Debating Ideas is a new section that aims to reflect the values and editorial ethos of the African Arguments book series, publishing engaged, often radical, scholarship, original and activist writing from within the African continent and beyond. It will offer debates and engagements, contexts and controversies, and reviews and responses flowing from the African Arguments books.
Both Sudanese activists and foreign observers have focused a large portion of attention on actions that the international community should take to reverse the 25 October coup. The greatest leverage Western nations currently have is pressuring the foreign backers of al-Burhan to reverse their support of the coup. This would mean pausing or reducing weapons sales to Saudi Arabia and the U.A.E., referring these two Gulf nations’ financial systems to international regulators for corrupt practices, and reducing foreign military financing to Egypt. These actions have not been taken despite all the Biden administration’s rhetoric of supporting democracy. Instead, Western capitals are preparing targeted sanctions on Sudanese individuals involved in the 25 October coup. The reality is that these efforts will have little impact. The international community’s window to influence the course of Sudan ended on 25 October. The opportunity lasted two-and-a-half years, and diplomats and politicians should be held to account for their inaction.
Western leaders admiringly pledged billions of dollars to support Sudan’s transition. But the money didn’t come fast enough or in the right format. It took a year-and-a-half for the United States government to remove sanctions on Sudan and provide it much needed financial support. When the money finally was pledged in October 2020 it was not because the Trump administration cared about democracy in Sudan – it was because Republicans wanted to bolster the President’s re-election campaign and had personal intentions to make peace with Israel. And when money from the US, World Bank, and Western nations was finally pledged it came in the form of bureaucratic programmes that too often siphoned off aid or were ineffective. Hamdok needed cash to compete in Sudan’s political marketplace. Instead he got an army of consultants and UN officials who sat in air-conditioned rooms in Khartoum.
But Sudan needed more than money – it needed change. Another failure from the international community is its negligence in supporting this institutional change. In the December 2021 cover story in the Atlantic magazine, Anne Applebaum writes that the 21st century has seen the rise of authoritarianism over democracy. Pro-democracy protestors across the world are up against “Autocracy Inc”, people “who control state companies and can make investment decisions worth billions of dollars for purely political reasons.”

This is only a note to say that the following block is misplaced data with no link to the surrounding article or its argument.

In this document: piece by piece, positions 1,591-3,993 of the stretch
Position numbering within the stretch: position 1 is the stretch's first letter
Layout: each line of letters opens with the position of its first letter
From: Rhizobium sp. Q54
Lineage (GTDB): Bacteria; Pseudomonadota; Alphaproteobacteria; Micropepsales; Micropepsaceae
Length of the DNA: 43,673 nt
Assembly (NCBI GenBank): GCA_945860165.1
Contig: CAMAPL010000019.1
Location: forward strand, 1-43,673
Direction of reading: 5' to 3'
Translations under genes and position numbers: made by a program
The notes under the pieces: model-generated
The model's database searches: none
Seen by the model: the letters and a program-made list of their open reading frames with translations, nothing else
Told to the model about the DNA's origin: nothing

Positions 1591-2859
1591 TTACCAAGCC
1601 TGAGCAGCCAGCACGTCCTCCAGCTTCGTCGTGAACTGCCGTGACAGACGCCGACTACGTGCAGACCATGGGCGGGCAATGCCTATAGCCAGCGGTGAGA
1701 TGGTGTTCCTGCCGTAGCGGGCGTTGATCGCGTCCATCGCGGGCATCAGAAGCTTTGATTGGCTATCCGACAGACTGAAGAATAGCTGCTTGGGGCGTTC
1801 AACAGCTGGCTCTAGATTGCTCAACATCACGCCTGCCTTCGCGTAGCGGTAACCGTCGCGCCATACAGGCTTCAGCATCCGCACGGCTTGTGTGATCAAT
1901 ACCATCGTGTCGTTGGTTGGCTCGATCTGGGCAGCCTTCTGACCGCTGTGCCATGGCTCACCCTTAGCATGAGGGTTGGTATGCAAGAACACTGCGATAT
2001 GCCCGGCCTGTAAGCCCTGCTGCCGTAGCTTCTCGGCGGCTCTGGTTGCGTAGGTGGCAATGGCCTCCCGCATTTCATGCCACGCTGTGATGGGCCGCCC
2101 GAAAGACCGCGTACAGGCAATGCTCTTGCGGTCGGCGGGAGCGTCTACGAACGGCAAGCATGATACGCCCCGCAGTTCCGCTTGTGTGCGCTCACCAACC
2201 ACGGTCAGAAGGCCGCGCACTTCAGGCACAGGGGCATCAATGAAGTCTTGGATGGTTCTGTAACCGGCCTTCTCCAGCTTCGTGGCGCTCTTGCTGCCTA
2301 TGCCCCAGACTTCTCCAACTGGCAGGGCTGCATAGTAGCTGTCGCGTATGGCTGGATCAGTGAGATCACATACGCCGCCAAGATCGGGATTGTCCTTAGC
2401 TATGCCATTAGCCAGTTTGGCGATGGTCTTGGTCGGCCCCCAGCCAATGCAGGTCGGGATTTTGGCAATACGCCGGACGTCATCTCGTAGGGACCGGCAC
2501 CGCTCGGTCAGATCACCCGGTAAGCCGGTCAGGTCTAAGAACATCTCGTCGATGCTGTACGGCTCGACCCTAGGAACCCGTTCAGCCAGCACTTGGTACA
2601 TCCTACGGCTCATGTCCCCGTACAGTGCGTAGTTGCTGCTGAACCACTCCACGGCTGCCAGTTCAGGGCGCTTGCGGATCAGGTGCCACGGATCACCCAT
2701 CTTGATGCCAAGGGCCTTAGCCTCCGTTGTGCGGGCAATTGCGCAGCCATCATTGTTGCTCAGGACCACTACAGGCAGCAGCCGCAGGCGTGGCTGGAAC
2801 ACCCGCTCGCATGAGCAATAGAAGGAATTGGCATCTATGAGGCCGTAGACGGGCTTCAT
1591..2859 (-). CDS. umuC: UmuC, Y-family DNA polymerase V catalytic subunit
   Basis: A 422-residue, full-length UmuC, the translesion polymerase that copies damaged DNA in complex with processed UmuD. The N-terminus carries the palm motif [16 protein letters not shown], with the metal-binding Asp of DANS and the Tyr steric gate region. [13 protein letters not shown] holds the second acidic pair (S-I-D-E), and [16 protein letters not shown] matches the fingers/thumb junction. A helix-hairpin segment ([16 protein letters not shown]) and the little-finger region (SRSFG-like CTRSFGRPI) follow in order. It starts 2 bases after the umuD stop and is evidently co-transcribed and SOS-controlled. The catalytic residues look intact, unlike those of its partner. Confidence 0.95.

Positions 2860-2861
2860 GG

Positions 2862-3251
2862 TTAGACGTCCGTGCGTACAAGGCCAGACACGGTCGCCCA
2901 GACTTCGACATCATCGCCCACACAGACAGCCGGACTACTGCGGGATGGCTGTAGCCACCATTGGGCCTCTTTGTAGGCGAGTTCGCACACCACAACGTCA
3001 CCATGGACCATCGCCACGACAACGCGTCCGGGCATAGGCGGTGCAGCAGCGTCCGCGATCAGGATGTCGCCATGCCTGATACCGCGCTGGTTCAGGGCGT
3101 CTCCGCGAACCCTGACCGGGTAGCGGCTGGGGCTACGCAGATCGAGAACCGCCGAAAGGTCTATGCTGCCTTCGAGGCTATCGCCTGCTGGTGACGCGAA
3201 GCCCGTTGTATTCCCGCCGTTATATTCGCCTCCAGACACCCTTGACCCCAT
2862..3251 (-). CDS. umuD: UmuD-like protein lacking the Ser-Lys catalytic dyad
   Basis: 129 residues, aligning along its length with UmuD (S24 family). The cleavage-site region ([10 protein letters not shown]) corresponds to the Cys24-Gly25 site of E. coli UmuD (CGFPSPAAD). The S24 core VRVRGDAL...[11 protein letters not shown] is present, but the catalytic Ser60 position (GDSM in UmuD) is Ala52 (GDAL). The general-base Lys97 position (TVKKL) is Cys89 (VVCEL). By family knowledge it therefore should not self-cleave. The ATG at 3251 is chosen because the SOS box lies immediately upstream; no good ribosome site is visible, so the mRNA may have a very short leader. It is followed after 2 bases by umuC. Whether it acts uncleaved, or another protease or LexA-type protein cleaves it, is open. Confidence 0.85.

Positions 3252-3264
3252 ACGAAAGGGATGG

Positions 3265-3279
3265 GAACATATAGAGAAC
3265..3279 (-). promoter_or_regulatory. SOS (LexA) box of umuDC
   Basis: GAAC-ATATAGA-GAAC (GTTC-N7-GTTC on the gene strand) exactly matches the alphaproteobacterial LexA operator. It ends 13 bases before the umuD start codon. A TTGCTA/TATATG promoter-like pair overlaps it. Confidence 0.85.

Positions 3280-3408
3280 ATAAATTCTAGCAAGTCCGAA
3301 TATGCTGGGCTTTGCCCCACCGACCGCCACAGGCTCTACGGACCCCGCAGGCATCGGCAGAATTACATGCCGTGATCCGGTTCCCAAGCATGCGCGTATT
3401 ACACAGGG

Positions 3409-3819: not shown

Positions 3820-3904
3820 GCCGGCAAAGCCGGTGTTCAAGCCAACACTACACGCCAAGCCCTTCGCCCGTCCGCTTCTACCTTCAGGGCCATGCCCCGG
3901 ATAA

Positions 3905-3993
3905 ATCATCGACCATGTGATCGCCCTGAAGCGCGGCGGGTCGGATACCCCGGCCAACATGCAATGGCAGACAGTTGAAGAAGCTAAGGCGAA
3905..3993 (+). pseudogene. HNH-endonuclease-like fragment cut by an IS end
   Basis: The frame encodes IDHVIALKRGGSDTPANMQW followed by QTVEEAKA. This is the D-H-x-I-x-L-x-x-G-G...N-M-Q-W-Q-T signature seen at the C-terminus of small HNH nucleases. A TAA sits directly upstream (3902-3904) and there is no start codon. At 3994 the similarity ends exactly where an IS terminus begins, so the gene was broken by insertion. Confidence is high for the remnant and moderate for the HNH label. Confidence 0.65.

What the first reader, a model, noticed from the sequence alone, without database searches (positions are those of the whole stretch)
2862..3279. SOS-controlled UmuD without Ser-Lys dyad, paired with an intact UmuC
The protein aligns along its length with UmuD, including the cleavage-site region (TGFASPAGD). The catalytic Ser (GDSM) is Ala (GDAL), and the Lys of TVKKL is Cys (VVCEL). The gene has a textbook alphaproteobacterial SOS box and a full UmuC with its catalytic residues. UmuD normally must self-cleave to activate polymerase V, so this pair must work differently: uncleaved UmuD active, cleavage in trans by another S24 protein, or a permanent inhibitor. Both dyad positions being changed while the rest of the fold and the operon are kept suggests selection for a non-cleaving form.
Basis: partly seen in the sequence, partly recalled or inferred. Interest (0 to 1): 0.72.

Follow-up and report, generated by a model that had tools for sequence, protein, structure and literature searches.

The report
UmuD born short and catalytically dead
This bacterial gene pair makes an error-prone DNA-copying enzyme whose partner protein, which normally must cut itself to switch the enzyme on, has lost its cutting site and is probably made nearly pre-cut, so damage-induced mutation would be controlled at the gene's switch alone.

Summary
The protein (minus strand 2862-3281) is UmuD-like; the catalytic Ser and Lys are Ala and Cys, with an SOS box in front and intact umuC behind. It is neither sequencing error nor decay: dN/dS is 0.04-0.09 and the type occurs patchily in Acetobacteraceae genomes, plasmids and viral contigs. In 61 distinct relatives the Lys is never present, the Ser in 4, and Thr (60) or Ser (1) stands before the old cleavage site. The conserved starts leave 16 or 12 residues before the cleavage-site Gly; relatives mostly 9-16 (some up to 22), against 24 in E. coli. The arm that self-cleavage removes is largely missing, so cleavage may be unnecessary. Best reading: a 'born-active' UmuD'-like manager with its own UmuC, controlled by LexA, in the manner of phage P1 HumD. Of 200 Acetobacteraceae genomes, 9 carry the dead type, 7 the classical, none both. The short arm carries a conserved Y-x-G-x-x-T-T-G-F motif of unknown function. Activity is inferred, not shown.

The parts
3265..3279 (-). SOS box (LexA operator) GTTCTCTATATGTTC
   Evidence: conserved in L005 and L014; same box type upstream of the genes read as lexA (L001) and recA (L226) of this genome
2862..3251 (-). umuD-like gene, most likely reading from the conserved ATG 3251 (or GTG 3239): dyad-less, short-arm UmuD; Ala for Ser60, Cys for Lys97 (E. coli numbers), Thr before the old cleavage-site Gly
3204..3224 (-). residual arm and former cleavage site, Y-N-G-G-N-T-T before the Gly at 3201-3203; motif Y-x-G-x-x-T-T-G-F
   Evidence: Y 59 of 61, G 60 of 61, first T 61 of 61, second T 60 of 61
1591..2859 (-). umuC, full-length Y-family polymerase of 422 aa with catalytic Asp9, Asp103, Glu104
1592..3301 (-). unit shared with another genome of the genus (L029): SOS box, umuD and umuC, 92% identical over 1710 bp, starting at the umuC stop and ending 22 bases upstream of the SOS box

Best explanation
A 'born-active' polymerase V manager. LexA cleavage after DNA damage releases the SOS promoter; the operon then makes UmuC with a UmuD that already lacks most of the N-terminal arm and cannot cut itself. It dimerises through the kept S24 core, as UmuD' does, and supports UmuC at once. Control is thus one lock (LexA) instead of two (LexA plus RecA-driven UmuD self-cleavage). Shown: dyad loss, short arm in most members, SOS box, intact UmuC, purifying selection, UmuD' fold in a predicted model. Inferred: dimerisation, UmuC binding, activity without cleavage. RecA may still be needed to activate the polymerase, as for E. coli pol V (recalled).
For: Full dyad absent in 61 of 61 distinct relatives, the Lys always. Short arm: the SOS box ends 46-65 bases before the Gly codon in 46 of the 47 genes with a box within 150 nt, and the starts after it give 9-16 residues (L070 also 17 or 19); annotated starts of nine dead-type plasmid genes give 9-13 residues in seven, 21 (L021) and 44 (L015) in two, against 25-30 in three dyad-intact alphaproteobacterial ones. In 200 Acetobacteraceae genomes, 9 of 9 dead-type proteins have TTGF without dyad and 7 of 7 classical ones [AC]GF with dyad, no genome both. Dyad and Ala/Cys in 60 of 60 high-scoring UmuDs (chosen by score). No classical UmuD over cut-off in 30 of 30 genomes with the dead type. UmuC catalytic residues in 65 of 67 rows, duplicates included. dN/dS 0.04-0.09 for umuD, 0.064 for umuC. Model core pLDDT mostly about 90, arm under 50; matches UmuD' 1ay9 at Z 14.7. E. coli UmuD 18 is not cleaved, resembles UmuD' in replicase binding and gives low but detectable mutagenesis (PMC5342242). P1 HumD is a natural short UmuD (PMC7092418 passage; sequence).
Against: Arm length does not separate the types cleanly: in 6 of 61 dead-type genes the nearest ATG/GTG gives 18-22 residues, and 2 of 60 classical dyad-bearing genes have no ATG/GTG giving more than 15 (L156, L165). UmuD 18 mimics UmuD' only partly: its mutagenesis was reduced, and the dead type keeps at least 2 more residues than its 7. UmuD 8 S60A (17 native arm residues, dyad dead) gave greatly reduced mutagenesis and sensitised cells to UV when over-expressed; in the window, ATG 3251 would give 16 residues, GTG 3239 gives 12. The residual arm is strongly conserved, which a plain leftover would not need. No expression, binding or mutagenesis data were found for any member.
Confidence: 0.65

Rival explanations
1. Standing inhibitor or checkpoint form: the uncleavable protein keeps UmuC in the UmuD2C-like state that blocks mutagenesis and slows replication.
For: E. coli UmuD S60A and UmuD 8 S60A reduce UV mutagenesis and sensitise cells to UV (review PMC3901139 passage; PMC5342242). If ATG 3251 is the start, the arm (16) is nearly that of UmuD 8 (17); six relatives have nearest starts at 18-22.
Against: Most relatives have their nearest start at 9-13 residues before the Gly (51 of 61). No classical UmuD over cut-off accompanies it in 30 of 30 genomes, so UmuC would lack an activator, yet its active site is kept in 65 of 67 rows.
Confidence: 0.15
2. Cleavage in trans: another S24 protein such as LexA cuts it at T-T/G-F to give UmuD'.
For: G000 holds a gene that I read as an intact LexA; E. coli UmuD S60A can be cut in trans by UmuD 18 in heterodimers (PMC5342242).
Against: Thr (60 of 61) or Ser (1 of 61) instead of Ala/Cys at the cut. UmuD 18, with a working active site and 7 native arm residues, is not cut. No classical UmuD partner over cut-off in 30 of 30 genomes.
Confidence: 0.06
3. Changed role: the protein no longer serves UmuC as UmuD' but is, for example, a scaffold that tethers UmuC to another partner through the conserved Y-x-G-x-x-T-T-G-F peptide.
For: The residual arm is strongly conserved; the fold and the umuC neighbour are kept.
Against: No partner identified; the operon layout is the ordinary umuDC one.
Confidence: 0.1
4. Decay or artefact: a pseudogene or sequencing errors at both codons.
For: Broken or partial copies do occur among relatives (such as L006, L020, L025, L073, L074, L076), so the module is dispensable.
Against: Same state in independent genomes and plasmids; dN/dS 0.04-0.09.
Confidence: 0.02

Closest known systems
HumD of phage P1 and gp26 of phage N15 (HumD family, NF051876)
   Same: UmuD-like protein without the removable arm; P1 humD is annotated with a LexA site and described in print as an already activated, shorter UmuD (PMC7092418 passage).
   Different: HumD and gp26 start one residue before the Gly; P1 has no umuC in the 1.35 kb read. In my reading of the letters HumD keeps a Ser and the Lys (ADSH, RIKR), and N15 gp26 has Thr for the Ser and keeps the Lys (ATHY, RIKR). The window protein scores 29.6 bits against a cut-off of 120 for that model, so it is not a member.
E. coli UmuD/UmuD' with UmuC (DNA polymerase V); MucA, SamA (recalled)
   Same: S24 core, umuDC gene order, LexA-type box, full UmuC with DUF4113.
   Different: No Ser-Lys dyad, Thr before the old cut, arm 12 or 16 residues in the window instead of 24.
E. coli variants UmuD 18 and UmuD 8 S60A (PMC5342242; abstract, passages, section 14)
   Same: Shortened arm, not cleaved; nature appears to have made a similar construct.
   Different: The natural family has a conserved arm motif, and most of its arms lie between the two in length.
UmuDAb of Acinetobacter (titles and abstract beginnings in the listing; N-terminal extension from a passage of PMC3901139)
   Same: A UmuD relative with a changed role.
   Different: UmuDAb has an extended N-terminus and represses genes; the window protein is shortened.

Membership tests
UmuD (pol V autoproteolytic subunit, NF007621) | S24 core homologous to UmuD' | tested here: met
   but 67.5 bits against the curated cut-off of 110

Most diplomats in Khartoum and at the UN in Sudan were at best negligent in promoting necessary reform and at worst made the problem worse. Opportunities to reform aid regulations and its control by the security regime were undermined by the UN and not prioritized by diplomats. Civil service reform was never a priority for the international community. There is no evidence that security sector reform was considered a priority for reform. These topics are complicated for the international community to reform and they do not have the ability to unilaterally change things, but there were opportunities to reduce the influence of autocracy. Al-Bashir was toppled but his kleptocratic system remained untouched. Instead, diplomats were afraid to reform because they thought it would bring instability. UN officials didn’t want to jeopardize six-figure salaries by advocating for reform, and both embassies and UN officials were too inexperienced or naive to do their job. In the final days of the Hamdok era, at least two emergency meetings occurred warning diplomats of the coming coup against Hamdok. Embassies did not act or plan for an international mediation process to salvage the transition. The system’s alarms were ringing and yet many in the international community hit snooze. The inaction should ruin careers. Sadly, it probably won’t.
Protestors should not count on the international community to decide their fate. For seven years, the Sudanese Professionals Association existed underground and in secret without any support from the international community. In the authoritarian near-term in Sudan, protestors should turn inwards for solutions instead of looking outwards. A domestic movement led by labour unions was the backbone of coups in Sudan in 1964, 1985 and 2019. The future of Sudan will be decided by Sudanese.
 Live interview with Samahir Mubarak, Al Jazeera TV, 13 November 2021.
 Conversations with individuals familiar with US policy, 14 and 15 November 2021.
 “Trump says US will remove sanctions on Sudan in historic new chapter in relations”, ABC News, 20 October 2020.
 “The World Food Program’s freelance diplomacy”, Foreign Policy, 16 November 2021.
 Interviews with Khartoum based diplomats and aid officials, September/October 2021.
 Anne Applebaum, “The bad guys are winning”, The Atlantic Magazine, December 2021.
Interview with Khartoum based diplomats, September and October 2021. Khartoum based senior UN official, October 2021. Author’s notes, 2021.
 Interviews with Khartoum based diplomats, October 2021. Author’s notes, October 2021.
“This Is Not a Coup” is a daily update from Sudan that gives perspective on the country’s military takeover. The author is anonymous to protect their identity. The title is a reference to the 26 October speech of General Abdel Fatah al-Burhan